Ed Driscoll

'Bonjour, Malaise'

“Barack Obama’s ‘malaise moment’ occurred in the afternoon of Aug. 28,” Noemie Emery writes in the Washington Examiner:

[D]ressed for failure in tan, he announced he did not have a strategy for combating the threat posed to us by ISIS and crossed into Carterland, the Desert of Fail feared by all politicians, in which the once fresh new face becomes for all time an object of ridicule, and each attempt made at controlling the damage only makes matters much worse.

Jimmy Carter, wrote Examiner columnist Michael Barone in his book Our Country, “failed to understand that voters yearning for control to be exerted over events would be appalled by the spectacle of a president canceling a major speech, isolating himself from public view, and declining all public comment while he met with … private citizens … for ‘leisurely conversations about our nation, my administration, and the serious problems we faced.’ ” But “leisurely converse” is not in demand when the world is on fire. Who knew?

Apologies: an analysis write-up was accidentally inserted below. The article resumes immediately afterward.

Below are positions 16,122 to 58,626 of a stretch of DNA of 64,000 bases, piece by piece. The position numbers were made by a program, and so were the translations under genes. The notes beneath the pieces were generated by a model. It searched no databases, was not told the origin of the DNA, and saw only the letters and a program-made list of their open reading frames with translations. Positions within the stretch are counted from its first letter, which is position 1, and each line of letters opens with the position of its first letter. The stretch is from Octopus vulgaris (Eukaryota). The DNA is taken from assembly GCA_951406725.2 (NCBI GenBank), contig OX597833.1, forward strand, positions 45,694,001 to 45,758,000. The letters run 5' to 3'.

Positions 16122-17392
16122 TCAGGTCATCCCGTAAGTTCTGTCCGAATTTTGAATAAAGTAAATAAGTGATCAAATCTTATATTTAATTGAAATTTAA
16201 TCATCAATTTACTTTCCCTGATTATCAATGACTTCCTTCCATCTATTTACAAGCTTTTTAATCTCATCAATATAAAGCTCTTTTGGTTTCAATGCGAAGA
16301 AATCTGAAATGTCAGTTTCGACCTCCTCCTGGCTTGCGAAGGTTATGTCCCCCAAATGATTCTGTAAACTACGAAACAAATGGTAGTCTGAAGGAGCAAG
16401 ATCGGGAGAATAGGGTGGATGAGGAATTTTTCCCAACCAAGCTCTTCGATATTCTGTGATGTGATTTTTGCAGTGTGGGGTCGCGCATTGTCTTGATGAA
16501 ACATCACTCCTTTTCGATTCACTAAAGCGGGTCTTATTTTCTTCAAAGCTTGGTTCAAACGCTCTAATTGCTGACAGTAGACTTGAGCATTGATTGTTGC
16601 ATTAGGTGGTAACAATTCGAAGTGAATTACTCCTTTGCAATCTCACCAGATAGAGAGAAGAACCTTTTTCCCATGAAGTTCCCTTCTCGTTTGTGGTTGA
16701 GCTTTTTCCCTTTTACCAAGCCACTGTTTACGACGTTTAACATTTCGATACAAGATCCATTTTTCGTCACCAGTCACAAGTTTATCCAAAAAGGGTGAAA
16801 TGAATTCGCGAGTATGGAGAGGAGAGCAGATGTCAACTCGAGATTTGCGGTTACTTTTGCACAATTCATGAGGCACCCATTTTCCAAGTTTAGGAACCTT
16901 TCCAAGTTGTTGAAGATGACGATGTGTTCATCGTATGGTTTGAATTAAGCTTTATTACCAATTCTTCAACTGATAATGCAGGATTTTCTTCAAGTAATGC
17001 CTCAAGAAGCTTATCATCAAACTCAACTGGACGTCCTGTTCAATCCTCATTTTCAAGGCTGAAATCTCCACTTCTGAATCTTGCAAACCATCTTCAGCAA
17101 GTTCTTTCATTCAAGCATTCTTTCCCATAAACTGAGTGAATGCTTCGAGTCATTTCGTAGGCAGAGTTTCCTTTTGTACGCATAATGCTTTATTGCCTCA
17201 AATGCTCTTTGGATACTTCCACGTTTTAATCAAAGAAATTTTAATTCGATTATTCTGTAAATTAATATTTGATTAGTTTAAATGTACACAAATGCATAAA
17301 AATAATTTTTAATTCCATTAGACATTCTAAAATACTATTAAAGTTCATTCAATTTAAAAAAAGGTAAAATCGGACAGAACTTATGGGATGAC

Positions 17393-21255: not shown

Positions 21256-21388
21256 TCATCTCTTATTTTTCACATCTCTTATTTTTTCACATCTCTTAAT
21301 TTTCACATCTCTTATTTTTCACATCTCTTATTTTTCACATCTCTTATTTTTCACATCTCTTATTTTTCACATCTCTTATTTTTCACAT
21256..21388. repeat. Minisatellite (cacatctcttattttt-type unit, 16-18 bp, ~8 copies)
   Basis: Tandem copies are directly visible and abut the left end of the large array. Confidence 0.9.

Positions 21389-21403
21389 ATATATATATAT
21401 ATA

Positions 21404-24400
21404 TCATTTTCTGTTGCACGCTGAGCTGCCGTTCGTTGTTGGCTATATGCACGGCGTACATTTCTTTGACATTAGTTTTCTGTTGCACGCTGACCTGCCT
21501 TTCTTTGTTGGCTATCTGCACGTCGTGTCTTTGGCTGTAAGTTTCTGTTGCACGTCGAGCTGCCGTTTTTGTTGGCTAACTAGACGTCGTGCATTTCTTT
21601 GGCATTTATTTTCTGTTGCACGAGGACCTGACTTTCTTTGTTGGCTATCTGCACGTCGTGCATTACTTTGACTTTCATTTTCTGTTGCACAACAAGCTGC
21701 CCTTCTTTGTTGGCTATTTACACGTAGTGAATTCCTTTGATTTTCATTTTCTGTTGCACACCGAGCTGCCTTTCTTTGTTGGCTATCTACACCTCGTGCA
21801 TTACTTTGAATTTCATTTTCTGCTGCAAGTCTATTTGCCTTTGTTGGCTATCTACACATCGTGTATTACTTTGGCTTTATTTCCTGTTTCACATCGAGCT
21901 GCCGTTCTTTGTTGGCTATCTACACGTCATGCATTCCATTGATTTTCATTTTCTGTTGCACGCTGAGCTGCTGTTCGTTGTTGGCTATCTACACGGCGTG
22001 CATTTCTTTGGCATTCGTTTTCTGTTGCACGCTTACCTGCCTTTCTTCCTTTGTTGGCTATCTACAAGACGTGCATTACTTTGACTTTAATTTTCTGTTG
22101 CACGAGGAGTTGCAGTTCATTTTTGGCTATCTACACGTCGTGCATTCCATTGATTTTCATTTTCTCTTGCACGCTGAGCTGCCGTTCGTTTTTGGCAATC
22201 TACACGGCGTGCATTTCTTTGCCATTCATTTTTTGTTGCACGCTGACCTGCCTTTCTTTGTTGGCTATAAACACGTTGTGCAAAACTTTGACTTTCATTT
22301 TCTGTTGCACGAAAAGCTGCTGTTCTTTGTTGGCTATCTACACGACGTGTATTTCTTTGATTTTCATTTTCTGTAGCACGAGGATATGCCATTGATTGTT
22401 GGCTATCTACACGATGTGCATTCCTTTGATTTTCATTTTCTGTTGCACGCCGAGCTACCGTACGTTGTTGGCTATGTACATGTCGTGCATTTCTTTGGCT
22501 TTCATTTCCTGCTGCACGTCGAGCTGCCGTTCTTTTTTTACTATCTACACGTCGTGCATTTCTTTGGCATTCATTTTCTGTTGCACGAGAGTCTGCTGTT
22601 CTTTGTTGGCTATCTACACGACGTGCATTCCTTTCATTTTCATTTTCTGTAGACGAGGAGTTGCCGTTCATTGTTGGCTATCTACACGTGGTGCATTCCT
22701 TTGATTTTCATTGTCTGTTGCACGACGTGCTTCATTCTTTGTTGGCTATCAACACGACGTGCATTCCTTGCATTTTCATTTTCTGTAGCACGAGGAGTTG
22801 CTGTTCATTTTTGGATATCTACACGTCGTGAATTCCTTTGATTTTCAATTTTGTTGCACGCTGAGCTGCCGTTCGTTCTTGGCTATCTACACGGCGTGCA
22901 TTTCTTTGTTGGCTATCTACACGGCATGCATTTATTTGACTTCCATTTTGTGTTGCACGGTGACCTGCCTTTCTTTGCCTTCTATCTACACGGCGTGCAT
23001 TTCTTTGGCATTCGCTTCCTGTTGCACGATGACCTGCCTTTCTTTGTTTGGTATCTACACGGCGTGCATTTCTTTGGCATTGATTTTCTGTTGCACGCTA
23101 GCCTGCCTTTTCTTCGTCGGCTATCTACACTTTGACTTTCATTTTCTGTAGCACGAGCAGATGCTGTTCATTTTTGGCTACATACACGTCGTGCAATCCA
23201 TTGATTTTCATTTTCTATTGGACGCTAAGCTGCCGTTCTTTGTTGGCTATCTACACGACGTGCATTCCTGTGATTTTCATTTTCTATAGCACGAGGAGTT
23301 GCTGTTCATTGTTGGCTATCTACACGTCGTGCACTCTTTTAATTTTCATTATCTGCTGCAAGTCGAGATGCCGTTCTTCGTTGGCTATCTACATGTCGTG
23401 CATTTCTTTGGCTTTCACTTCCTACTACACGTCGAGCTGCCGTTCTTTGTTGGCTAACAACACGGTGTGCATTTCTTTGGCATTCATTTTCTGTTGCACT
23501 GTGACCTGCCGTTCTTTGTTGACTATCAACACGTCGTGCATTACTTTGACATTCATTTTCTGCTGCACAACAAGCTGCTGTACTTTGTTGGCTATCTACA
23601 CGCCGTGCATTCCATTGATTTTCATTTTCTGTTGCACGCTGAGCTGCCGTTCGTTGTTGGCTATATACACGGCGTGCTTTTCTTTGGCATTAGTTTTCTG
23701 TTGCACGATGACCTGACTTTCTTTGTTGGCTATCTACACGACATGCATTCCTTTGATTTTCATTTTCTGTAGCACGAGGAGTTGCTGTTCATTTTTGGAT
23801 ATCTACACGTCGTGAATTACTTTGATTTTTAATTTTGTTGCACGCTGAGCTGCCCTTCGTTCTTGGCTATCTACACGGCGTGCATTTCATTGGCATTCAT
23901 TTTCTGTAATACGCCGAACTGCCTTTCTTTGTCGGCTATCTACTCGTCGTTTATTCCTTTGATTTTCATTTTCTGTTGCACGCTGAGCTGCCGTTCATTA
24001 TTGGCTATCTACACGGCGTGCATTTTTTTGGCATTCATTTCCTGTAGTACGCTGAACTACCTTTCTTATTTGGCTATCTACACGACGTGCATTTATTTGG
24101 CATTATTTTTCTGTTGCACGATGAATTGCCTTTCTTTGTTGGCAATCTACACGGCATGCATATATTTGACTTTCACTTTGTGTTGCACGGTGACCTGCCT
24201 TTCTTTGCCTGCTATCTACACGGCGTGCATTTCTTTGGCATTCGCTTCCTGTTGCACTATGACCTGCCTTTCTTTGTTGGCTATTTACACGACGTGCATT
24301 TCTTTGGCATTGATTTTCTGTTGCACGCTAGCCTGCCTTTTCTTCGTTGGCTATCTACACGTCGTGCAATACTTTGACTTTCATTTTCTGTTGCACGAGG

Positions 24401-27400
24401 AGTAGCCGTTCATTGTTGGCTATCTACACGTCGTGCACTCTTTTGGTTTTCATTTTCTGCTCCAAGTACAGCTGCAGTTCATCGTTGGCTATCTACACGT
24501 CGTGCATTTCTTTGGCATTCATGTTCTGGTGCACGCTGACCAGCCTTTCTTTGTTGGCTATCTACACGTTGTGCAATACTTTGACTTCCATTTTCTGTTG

But of course, the left have been in malaise mode ever since the failure of the Great Society in the mid-1960s. Just compare the confidence of JFK’s New Frontier rhetoric, to the dead-end tone of Bobby’s campaign ads in 1968 and George McGovern’s similar retreat from reality four years later. Bill Clinton’s centrism seemed to represent a way out of that mindset — but the left’s time spent in the box canyon appears to be permanent. Or as I wrote in 2011, “Welcome Back My Friends, to the Malaise that Never Ends.”